WHEN DID YOU KNOW YOU HAD “MADE IT” EXPLAIN

I don’t think I have made it yet! I’m just a fashion history nut who’s been lucky to find ways to express my love for the subject. I have contributed to important projects – books on the Titanic, which started my interest in some of the famous women aboard, books on fashion history, exhibitions. But all those projects just sort of happened. The accomplishment I’m most proud of is writing Lucile’s biography. That’s been such a driving force for me, and the research has opened doors. I’m very grateful to the people who saw my work as important and helped me along the way. There were a few naysayers but you can’t listen to people like that.

HOW DID YOUR ORIGINAL PASSION BRING YOU TO WHERE YOU ARE NOW

My original passion was Lucile. When I first found out about her I was intrigued but didn’t think I would find very much. I was really surprised she was so celebrated and influential and, to tell you the truth, a little shocked she was not better remembered. Back in the late ‘80s, when I first went to school at FIT (Fashion Institute of Technology) in New York, almost no one was interested in her. People would ask “Who?” And it used to irritate me. I felt I had to justify myself all the time. Now it seems everybody is an expert on Lucile! (Nena’s note…no one does it as well as Randy, without question!)

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Randy was first drawn to the work of Lucile, seen here with a model in her New York studio in 1916, when he was a student at the Fashion Institute of Technology in the mid-1980s.

The library at FIT has the scrapbooks and photo albums kept by the staff of the New York branch of Lucile Ltd, so I became fascinated and immediately thought I should do a book. That was just a dream then. I had to earn a living, so I couldn’t devote a lot of time to it, and that’s why it stretched on until 2009 when I finished the final draft. Publishers were interested along the way, including a university press that wanted to cut it down and to not use very many color images. As you can imagine, I wasn’t thrilled with offers like that, so I finally published it myself five years ago. I was excited and am still happy to see how it’s been taken up and cited in various major studies on the history of dress. There’s so much drivel about how one can’t hope to have a success with a self-published title, and while that might be true in most cases, if you’ve got a special subject, the right people will be drawn to it. And I probably have made as much money from it as have authors who’ve gone the traditional route.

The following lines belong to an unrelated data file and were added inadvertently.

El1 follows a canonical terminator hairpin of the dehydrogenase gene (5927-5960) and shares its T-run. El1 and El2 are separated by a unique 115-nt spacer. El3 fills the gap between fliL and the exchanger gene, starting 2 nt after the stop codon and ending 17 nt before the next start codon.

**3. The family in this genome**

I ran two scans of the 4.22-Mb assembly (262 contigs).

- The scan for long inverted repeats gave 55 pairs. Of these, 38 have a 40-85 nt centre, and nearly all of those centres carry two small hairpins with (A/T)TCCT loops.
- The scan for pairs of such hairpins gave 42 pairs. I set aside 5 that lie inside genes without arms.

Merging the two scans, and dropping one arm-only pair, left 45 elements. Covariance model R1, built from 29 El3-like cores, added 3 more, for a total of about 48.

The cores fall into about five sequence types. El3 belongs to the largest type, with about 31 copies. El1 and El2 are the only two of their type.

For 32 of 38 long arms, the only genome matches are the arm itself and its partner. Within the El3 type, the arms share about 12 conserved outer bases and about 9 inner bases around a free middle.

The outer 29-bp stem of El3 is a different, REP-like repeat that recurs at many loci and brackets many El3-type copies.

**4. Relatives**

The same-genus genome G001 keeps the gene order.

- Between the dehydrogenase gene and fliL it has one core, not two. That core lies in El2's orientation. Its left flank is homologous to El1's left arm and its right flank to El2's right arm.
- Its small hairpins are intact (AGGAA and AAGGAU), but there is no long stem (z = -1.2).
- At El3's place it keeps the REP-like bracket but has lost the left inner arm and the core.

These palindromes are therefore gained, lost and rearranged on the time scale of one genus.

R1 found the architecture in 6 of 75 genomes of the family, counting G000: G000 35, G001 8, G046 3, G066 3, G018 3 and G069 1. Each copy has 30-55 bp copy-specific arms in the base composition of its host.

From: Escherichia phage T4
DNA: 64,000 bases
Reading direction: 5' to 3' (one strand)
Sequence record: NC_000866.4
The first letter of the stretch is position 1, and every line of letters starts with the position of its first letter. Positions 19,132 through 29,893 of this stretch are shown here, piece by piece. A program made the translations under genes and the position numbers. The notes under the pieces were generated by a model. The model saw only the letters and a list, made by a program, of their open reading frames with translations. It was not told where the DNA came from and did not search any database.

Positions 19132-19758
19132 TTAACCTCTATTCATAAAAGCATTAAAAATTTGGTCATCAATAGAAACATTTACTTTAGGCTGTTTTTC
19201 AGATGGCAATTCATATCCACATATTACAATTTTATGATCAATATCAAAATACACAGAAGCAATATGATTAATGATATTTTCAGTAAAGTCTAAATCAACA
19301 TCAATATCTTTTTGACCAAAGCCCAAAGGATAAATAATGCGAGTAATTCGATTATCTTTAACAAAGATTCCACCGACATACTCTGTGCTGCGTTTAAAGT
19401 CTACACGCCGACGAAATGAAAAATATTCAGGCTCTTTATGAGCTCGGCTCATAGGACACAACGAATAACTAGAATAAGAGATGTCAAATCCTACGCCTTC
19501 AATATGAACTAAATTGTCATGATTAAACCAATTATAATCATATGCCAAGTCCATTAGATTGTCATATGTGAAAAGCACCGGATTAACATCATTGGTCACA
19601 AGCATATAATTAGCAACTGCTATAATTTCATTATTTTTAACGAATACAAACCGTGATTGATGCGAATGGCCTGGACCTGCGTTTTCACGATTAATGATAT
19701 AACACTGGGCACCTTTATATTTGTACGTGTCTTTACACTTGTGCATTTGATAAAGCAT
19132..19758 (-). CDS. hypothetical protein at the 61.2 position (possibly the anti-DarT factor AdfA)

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  1. Lucile, among her achievements, is responsible for launching the first modern fashion parades, using a stage, music, lights and all the accoutrement of show.

WHAT WOULD HAVE BEEN YOUR ALTERNATE CHOICE AS A CAREER….WAS THERE ONE

I don’t think I could have done anything else well. I went to FIT to be a designer and I was hopeless. You should have seen me trying to draft a pattern. I don’t have a natural perseverance with anything but writing and editing. Nothing else seems worth it. If I had the talent, I would have loved being a designer. I have the creativity, I think, just not the technical skill.

YOUR FAVORITE BOOK, MOVIE, LIST THE FOLLOWING,IN ORDER OF PREFERENCE…THEATER (LEGIT, MUSICALS), BALLET, OPERA, SYMPHONY, TYPE OF MUSIC YOU LIKE TO LISTEN TO, LOCAL RESTAURANT

I read mostly fashion history and biographies. I don’t care for fiction, although I quite enjoyed E.M. Forster a few years back, but that’s mainly because I’ve seen the films that have been made of them. One of the dress history writers I enjoy most is Caroline Evans, whose book The Mechanical Smile I was honored to contribute research to. She was one of the first scholars to embrace my work and to make me feel what I had done mattered. I also love to read Christopher Breward. His books are all excellent. He is excellent. So is Alistair O’Neill.

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Randy with fashion historian Marlis Schweitzer, author of When Broadway was the Runway and other titles featuring her own research on Lucile.